Jeffrey Johnson is a legal writer with a focus on personal injury. He has worked on personal injury and sovereign immunity litigation in addition to experience in family, estate, and criminal law. He earned a J.D. from the University of Baltimore and has worked in legal offices and non-profits in Maryland, Texas, and North Carolina. He has also earned an MFA in screenwriting from Chapman Univer...

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UPDATED: Dec 29, 2019

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Under most types of liability insurance, the insurance company has the contractual right to settle or defend the case as it sees fit. You normally will have an opportunity to provide input, but the company typically has no obligation to get your consent or approval. A common exception to this involves professional liability policies, such as medical malpractice or architects errors and omissions coverage, under which consent of the insured usually is required for any settlement.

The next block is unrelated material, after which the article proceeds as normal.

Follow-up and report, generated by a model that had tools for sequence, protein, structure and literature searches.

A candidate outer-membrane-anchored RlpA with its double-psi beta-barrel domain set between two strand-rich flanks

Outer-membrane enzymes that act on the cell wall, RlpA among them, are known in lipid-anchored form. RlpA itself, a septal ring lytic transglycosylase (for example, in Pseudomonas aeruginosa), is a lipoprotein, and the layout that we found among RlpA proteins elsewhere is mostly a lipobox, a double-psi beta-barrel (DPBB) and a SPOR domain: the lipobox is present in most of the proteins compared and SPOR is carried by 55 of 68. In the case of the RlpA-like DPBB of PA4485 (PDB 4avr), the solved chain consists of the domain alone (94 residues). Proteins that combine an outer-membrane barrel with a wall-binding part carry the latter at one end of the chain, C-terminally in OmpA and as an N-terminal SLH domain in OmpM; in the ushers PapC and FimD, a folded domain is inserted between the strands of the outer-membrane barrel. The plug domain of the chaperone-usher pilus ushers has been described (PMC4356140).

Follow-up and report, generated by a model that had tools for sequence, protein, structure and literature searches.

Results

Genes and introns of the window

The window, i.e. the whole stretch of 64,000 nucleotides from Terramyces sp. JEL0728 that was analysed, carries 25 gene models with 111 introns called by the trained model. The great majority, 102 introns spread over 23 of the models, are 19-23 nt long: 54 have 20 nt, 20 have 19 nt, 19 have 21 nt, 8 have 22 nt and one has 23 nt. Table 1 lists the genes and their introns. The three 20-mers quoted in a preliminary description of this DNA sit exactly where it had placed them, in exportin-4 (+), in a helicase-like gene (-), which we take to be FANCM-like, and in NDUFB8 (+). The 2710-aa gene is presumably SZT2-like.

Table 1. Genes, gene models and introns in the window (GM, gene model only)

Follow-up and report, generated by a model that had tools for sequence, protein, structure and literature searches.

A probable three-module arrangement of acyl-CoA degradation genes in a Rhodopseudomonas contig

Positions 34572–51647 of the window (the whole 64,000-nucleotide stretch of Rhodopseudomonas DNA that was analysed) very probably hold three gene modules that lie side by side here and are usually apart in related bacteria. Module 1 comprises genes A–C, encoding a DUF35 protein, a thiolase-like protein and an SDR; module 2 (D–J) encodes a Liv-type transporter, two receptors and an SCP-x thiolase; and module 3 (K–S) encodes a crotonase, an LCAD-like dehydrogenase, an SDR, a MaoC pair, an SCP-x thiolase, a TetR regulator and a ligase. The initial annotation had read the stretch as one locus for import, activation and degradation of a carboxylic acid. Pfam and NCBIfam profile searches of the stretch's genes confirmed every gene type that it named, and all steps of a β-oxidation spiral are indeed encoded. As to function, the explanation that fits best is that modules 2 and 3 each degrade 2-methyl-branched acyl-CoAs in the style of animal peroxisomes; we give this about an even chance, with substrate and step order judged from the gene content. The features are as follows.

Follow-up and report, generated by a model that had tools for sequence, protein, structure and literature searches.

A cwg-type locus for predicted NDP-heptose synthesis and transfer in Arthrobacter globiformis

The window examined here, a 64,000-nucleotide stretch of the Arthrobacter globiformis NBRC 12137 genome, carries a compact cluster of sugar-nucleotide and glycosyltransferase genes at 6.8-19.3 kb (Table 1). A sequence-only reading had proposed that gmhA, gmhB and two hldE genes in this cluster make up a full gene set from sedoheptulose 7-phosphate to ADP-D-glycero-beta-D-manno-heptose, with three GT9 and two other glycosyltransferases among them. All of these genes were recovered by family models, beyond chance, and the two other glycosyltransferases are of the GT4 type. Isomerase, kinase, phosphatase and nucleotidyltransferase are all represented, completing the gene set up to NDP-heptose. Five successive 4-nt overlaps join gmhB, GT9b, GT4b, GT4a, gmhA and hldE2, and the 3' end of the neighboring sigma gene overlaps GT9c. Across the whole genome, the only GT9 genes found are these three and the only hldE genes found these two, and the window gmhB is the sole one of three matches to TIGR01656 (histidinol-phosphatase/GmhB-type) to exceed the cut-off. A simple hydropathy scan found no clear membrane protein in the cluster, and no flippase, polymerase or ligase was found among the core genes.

In cases where some claims are covered and others are not, the insurer can settle only the covered claims. If the insurer does this, its duty to defend you terminates. It will no longer pay for the lawyer that it appointed for you. Similarly, if the plaintiff is claiming damages that exceed the limits of your policy, the insurer can pay the policy limits to the plaintiff and terminate its defense. In either case, you will either have to pay the lawyer the insurance company appointed for you to continue representing you or find your own lawyer.